MEETING THE DEMAND FOR SUPPLY
MEETING THE DEMAND FOR SUPPLY
The Rs 15 lakh crore transport and logistics sector is the beating heart of the Indian economy. The sudden national lockdown on March 24 paralysed it, worsening the already gloomy economic outlook. The government must move quickly to mitigate the crisis
M.G. Arun, Anilesh S. Mahajan and Shwweta Pun

In ordinary times, the Indian transport and logistics sector sees perhaps 7.5 million trucks, 7,400 freight trains and scores of cargo planes criss-crossing the country every day, alongside millions of vehicles carrying raw materials to factories and goods to grocery shops, supermarkets and customers’ doorsteps. The Union government’s announcement on the evening of March 24 of an almost immediate national lockdown—beginning midnight that very night—brought all essential supplies to a dead halt. Realising soon, but perhaps not early enough, that this was a disruption India could ill afford, the Centre issued fresh orders next week to clarify that transportation of all goods—not even just essentials— would be exempt from the lockdown. But by now the human chain of skilled, semi-skilled and unskilled workers that keeps those wheels turning were returning in their droves to the sanctuary of their villages, raising the very real prospect of acute shortages in markets across India in the coming weeks.

This sudden seizure in the country’s economic body has also doubtless further impaired economic growth projections, with ratings agencies raising red flags soon after the lockdown was imposed. On March 26, Crisil slashed its growth forecast for India’s GDP in fiscal 2021 from 5.2 per cent to 3.5 per cent. On March 27, Moody’s Investors Service revised its estimate of growth in the current fiscal to 2.5 per cent, less than half its earlier projection. Experts say the pain will remain for several quarters to come, especially if the government is forced to extend the lockdown beyond the initial 21 days.

At the end of March, as the first week of the lockdown ended, Union minister for railways, Piyush Goyal, and minister for external affairs, S. Jaishankar, got on a call with some of India’s top industrialists to get a sense of the situation on the ground. Participants included Reliance Industries chairman Mukesh Ambani, Kotak Mahindra Bank MD Uday Kotak and Tech Mahindra CEO & MD C.P. Gurnani. Sources say a major point of discussion was how to get freight moving again, with business leaders highlighting the crippling difficulty of transporting even essential goods, talking of truck drivers being harassed by officials and red tape, with cargo of all kinds stuck on highways across the country.

Although Prime Minister Narendra Modi had, while announcing the lockdown, said the government had “made provisions to ensure that the supply of essential items continues smoothly”, the legal vagueness of ‘essential items’ resulted in transport paralysis. To break the logjam, on March 30, the Union ministry for home affairs (MHA) permitted the transport of all goods— ‘without distinction of essential and non-essential’—throughout the country. Highlighting the complexity of economic supply chains and the confusion in administrative processes, the notification even took pains to name specific groceries that were considered essential items, such as ‘hand wash, soaps, disinfectants [and] body wash’, among many others.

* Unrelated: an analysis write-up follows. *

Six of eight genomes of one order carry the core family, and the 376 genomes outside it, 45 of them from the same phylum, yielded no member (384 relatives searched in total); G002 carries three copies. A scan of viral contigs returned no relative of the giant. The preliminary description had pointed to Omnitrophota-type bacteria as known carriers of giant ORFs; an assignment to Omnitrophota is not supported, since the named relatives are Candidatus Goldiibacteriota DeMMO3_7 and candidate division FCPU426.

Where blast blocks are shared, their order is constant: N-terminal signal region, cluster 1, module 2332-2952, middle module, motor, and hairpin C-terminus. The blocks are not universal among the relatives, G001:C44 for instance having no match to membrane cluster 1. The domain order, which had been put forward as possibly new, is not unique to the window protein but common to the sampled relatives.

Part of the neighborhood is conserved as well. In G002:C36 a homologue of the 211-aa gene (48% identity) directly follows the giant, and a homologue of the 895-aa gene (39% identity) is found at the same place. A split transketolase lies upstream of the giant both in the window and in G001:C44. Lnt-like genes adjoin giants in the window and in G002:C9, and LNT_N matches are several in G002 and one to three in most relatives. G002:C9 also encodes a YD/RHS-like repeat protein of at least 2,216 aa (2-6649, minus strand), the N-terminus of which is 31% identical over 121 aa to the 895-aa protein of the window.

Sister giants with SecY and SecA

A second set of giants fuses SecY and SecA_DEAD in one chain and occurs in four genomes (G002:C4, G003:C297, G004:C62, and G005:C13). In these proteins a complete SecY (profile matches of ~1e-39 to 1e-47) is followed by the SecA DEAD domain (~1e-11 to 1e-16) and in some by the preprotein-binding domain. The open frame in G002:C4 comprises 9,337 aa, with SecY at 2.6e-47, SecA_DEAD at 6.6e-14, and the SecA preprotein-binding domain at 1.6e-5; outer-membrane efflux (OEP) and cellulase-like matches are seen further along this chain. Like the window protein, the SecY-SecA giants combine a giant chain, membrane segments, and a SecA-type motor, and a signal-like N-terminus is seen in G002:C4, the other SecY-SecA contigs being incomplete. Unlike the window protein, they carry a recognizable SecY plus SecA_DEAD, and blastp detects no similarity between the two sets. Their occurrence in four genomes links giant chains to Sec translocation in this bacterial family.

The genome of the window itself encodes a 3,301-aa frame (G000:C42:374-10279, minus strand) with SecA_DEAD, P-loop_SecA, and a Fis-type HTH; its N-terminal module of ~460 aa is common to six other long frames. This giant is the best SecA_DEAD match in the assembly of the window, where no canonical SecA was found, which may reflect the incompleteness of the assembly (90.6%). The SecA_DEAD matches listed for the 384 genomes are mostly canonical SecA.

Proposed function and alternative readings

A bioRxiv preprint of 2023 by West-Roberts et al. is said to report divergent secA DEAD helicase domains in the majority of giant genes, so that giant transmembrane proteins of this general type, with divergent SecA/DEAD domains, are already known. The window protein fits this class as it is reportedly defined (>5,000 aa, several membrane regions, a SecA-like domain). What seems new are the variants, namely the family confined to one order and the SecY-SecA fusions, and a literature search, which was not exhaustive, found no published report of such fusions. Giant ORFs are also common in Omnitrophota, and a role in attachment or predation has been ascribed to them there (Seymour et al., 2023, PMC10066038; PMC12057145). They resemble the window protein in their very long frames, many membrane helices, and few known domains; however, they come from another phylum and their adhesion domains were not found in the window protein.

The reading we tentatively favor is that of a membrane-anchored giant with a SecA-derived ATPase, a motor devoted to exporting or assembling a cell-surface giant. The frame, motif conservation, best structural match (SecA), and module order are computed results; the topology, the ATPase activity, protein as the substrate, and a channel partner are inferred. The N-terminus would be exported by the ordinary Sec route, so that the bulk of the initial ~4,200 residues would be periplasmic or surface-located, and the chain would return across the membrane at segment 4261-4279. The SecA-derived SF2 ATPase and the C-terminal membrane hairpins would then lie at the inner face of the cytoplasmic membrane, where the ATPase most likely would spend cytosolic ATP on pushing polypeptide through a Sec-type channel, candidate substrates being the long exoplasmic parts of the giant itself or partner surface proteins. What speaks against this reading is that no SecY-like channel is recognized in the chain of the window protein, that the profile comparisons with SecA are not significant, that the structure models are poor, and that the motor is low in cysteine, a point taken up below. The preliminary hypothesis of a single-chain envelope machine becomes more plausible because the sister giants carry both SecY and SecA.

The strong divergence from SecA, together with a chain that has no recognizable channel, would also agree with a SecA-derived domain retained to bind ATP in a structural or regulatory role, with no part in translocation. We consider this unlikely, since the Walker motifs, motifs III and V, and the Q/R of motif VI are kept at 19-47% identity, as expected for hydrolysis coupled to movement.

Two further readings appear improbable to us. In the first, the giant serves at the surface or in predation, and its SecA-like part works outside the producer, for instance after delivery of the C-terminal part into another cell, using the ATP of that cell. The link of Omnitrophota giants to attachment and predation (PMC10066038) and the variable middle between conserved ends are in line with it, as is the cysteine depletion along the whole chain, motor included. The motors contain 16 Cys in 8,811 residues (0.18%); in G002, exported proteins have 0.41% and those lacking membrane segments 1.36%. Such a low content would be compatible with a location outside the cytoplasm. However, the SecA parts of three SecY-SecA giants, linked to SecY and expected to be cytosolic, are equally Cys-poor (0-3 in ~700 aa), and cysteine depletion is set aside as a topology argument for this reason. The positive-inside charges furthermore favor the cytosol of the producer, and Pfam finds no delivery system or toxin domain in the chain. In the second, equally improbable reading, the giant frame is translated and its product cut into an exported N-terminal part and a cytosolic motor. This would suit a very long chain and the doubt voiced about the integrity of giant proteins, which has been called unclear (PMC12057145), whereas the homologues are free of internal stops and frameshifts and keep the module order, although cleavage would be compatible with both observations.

“There is paralysis across the entire supply chain,” says an official with a large fast-moving consumer goods (FMCG) company, asking not to be named. “Things were expected to ease up a bit after the clarification from the MHA, but the supply chain cannot be restarted with the push of a button.”

OFF-ROAD TRANSPORT

While the core of the problem is the COVID-19 pandemic, a major problem relates to the transport sector’s size and complexity. A single major event—like a sudden freeze in the movement of vehicles—can have consequences that reverberate for days and weeks.

For instance, according to the All India Motor Transport Congress Toll Committee, an apex body of Indian transporters, the sudden announcement of the national lockdown has left 20 per cent of the 7.5 million trucks—or 1.5 million—stuck on highways and roads across the country. Along with these vehicles were stranded nearly 3 million drivers and helpers. At the time of writing, many long-distance shipments that were en route when the lockdown was announced remain stuck on highways and at toll plazas and petrol pumps across India. The immediate hope is that the MHA’s March 30 notification will unclog these bottlenecks, but this has not yet happened.

How does this affect the movement of goods across India? What is crucial to note is that the Indian transport sector is primarily truck-based—a November 2019 report by Care Ratings estimated that roughly 60 per cent of India’s logistics movement is by road, with 30 per cent by rail. What is also unavoidable is that last-mile transport from railheads to warehouses and markets remains dependent on trucks. India has a total road network of around 6 million km, of which national highways comprise about 114,000 km, and state highways, 175,000 km. The fact that most goods transport takes place by road is borne out by the sector’s contribution to the national GVA (gross value added, a measure of the value of goods and services in the economy). In 2016-17, the transport sector accounted for 4.85 per cent of the country’s GVA , with road transport accounting for 3.12 per cent, railways 0.77 per cent and air transport, 0.16 per cent.

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April 13, 2020